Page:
Are we asking the wrong questions on Dying With Dignity?

Meredith Doig / 24 August 2016

Television producer and performer Andrew Denton has provided us all with some useful and important information about voluntary euthanasia in his podcast series and book, and has asked some interesting questions.

Unfortunately they are not the questions about dying with dignity that actually need to be answered.

Andrew is proposing a bureaucratic, literally tortuous process where we must seek and then obtain, over time, permission to die from doctors we do not know.

The whole question of seeking permission suggests that Australians need gatekeepers to control the most private of decisions: when do I want to die; when have I had enough? These are questions we may all have to ask ourselves, given the wonderful, ambiguous medicalised society we live in.

Surely how we die is a personal decision, and one we should be allowed to make ourselves?

The key question that needs to be asked is: Why can we not elect to die gently, legally, when, where and with whom we choose?

Unfortunately, what purports to be the Yes case for law reform on voluntary assisted dying is in fact what I call the Not Only …But Also position: not only must you be terminally ill and your death imminent, but also you must get permission.

Why is such a process necessary?

Yes we do need changes to the laws about dying.  That question has been asked and answered with a resounding Yes for 20 years.

In response to the Not Only But Also position, we need to ask: Why do we need ‘permission’ at all?

Denton and Dr Rodney Syme and all the other advocates of the Not Only… But Also position are seeking to replace one sort of ‘gatekeeper,’ rooted in religious belief, for another.  While they rightly seek to take power and control from the religious lobby, they then advocate that we give that power and control to the medical profession.

Some doctors and medical organisations have, like religious institutions before them, stepped up to assume a gatekeeper role: they seek to protect us from our own choices, and Denton and Syme propose we help them do it.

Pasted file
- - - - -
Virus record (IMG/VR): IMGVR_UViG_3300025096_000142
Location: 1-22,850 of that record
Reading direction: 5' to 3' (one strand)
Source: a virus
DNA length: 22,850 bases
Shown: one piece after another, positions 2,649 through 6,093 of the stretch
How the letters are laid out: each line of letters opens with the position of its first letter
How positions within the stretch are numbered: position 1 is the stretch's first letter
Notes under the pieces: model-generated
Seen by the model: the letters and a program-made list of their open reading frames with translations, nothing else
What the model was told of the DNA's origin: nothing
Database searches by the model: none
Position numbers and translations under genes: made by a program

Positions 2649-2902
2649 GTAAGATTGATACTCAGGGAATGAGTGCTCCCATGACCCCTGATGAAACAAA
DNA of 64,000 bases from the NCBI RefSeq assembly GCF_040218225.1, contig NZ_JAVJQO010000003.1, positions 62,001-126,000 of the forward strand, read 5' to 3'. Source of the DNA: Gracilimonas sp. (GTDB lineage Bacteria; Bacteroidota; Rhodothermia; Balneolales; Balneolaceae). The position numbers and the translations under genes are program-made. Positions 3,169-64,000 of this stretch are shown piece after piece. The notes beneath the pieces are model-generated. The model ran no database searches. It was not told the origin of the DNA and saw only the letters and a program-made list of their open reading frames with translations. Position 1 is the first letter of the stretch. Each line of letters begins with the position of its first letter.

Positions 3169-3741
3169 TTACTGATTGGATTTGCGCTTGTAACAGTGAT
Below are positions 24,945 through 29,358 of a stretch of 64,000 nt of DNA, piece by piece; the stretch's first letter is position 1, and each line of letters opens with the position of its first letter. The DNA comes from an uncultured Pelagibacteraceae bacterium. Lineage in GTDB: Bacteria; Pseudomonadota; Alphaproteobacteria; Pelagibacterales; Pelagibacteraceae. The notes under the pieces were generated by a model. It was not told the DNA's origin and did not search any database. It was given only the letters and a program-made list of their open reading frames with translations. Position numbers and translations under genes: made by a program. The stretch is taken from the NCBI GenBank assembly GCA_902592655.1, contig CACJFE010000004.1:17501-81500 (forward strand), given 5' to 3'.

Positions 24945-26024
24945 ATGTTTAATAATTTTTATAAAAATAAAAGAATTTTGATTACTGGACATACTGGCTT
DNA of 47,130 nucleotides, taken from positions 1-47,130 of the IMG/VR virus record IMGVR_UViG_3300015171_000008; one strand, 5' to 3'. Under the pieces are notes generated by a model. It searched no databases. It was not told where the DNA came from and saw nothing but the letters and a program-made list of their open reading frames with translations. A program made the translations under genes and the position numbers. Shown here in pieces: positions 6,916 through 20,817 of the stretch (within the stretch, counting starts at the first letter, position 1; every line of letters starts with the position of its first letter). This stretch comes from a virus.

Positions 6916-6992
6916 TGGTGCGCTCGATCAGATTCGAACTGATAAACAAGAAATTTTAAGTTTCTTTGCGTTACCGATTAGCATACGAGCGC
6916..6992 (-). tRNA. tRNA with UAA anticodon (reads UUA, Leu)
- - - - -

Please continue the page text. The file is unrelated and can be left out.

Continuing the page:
Both churches and doctors are unrepresentative groups hungry for power that does not belong to them.  That power belongs to us, and through us, our politicians.  That group, as Denton rightly points out, have totally abrogated their responsibilities to us by refusing to act to liberalize the laws, and by acting only to censor and restrict access to information about our current limited and illegal options.

There is a profound arrogance in the attitude of the Not Only But Also campaigners – the same arrogance displayed by those religious advocates who overturned the Northern Territory dying with dignity legislation, and of whom Denton is so critical.

The questions we need to be asking now are:[list type=”bullet”]

  • Why do we need gatekeepers?
  • Why should power and control not be in our own hands?
  • Why do our decisions have to be verified and approved by doctors?
  • Why are our political representatives such cowardly failures?



What I am proposing instead is a law that would allow something that is already happening in Australia: the choice of taking Nembutal, and dying without violence.

We should be able to get a prescription for [re-]legalised Nembutal, and take it or not when we choose, not be forced to seek, and then be granted permission.

Hundreds if not thousands of Australians are now smuggling drugs and taking action themselves.  But they must do it in secret, by breaking the law and without their family around them for fear of exposing them to criminal charges.

Andrew Denton has done valuable work in promoting this issue. However his ‘solution’, also advocated by Dr Rodney Syme and the Dying With Dignity organization, merely transfers the power and control, previously held by Churches and politico-religious campaigners, to doctors, not into your hands.

There is no need for such arrogance.  Rather, some humility is needed.

There is no need for gatekeepers, no need to impose ‘solutions’ about this most personal of decisions.

To choose life or to choose death is, should, and must be a truly personal choice. Yes indeed as Denton quoted Mandela, ‘Let’s walk each other home’ – and let’s add ‘in ways we each choose ourselves…’

Deb CampbellBorn and educated in Melbourne, Dr Deb Campbell spent 25 years working operationally and as a research and policy analyst in intelligence, industrial relations and indigenous affairs in the private and public sectors, and in universities, in Victoria, Western Australia, and the Northern Territory. She holds a PhD in industrial relations history.

Deb has written business book reviews for the mainstream press, contributed to local newspapers and self-published a history of a local community enterprise. Most recently she is the author of Doing Us Slowly: what’s happened to the Australian voluntary euthanasia debate?

All the more reason.